Obesity has been strongly linked to genetics by two large genome studies that have established a neurological basis to weight problems.

The findings are important as they can identify genes involved in biochemical pathways that may cause obesity and may link obesity to diabetes and heart disease.

The proteins produced by the genes could offer targets for the development of new drugs to fight obesity.

Scientists have uncovered around 140 gene regions associated with obesity when looking through DNA libraries of more than 339,224 people as part of the Genetic Investigation of Anthropometric Trait GIANT project, which aims to identify genes that regulate human body and size.

"Our work clearly shows that predisposition to obesity and increased BMI is not due to a single gene or genetic change," Dr Elizabeth Speliotes, assistant professor of internal medicine and of computational medicine and bioinformatics at the University of Michigan Health System and senior author of one of the papers said.

Speliotes and colleagues at Broad Institute of MIT and Harvard and Mt Sinai Health System investigated the genetic basis of body mass index (BMI), a common measure of overall obesity.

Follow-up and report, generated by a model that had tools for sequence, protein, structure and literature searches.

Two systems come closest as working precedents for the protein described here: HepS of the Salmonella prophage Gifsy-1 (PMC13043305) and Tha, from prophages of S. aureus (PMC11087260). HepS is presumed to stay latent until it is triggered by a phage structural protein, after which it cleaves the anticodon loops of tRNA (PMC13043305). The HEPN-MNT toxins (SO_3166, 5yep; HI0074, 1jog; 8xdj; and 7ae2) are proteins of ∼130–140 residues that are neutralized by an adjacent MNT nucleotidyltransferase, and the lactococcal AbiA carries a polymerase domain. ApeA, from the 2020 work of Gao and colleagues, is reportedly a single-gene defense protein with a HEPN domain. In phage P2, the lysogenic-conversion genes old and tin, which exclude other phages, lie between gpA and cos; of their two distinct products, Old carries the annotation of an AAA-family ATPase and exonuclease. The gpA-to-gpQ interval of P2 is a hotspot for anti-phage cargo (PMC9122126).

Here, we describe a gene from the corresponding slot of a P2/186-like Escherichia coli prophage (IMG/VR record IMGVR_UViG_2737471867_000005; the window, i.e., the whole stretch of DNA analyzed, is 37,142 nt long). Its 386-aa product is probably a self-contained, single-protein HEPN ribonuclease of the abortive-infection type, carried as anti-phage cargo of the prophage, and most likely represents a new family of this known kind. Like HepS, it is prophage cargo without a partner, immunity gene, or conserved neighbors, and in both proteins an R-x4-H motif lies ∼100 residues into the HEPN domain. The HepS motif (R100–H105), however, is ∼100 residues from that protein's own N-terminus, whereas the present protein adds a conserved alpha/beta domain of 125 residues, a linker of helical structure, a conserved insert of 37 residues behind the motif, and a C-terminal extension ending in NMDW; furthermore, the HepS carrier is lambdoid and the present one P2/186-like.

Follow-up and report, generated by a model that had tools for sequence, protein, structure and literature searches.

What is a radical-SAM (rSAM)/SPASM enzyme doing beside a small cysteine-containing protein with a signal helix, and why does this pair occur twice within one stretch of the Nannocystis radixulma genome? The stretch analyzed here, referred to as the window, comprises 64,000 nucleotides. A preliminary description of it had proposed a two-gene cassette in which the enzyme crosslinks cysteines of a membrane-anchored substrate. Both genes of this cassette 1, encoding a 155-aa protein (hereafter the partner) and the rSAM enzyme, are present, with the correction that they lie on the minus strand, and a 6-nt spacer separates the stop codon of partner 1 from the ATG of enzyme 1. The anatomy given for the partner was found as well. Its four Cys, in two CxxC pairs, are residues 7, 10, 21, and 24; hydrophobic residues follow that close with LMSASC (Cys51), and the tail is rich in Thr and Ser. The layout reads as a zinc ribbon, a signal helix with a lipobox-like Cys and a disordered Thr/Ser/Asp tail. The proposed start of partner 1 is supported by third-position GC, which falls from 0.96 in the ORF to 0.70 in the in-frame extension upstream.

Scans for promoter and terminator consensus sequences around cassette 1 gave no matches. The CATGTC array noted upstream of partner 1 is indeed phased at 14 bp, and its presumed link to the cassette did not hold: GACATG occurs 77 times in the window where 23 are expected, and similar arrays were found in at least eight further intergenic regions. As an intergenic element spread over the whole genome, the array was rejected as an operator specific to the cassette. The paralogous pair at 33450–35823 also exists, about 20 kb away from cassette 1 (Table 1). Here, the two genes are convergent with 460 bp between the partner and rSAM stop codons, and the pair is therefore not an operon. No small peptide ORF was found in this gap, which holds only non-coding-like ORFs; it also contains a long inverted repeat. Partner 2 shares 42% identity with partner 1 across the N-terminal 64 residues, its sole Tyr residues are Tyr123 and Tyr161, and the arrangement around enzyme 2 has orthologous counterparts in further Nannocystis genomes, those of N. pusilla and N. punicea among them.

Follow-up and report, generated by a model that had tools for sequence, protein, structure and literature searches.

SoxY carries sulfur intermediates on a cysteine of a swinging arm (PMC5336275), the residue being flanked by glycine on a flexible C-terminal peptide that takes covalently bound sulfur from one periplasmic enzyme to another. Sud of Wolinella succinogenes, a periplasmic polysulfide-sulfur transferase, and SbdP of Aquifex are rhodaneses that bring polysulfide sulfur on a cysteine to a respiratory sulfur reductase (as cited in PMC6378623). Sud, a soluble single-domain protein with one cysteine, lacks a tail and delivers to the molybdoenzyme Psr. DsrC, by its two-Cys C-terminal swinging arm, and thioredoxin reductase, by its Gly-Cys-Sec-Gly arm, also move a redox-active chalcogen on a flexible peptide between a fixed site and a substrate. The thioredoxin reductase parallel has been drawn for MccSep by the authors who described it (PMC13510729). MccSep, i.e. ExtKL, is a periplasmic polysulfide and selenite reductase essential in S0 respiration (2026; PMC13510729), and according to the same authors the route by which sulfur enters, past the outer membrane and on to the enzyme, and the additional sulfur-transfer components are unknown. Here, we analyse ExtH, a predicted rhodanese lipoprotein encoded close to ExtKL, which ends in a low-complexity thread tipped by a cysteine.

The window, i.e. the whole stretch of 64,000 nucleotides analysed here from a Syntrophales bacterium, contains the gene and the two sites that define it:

They found 97 sites associated with obesity, tripling previous estimates.

The other paper focused on genes that affect the body where fat is stored.

For example, people with more belly fat are more likely to have metabolic conditions such as type 2 diabetes and cardiovascular disease than those with more fat in the hips or distributed throughout the body.

"We need to know these genetic locations because different fat deposits pose different health risks," senior author Karen Mohlke, a professor of genetics at the University of North Carolina School of Medicine.

Around 33 gene regions were found linked to this distribution.

The largest-ever genetic map of obesity constructed also shows links with the nervous system.

The analyses of genetic links to BMI indicate that the central nervous system has a role in obesity susceptibility, including a pathway that responds to changes in feeding and fasting and that is thought to be targeted by an FDA-approved weight-loss drug.

Professor Elizabeth Speliotes said this surprised her: "You don't go to your neurologist to discuss your weight - when we think about obesity we don't generally think of the nervous system.
"But this changes the way we think about obesity - rather than just a metabolic condition perhaps it has a neurological basis too."

The findings appear in two companion papers published 11 February in the journal Nature.

The next step, the researchers said, is to figure out exactly how these genes function and how they make people more susceptible to obesity.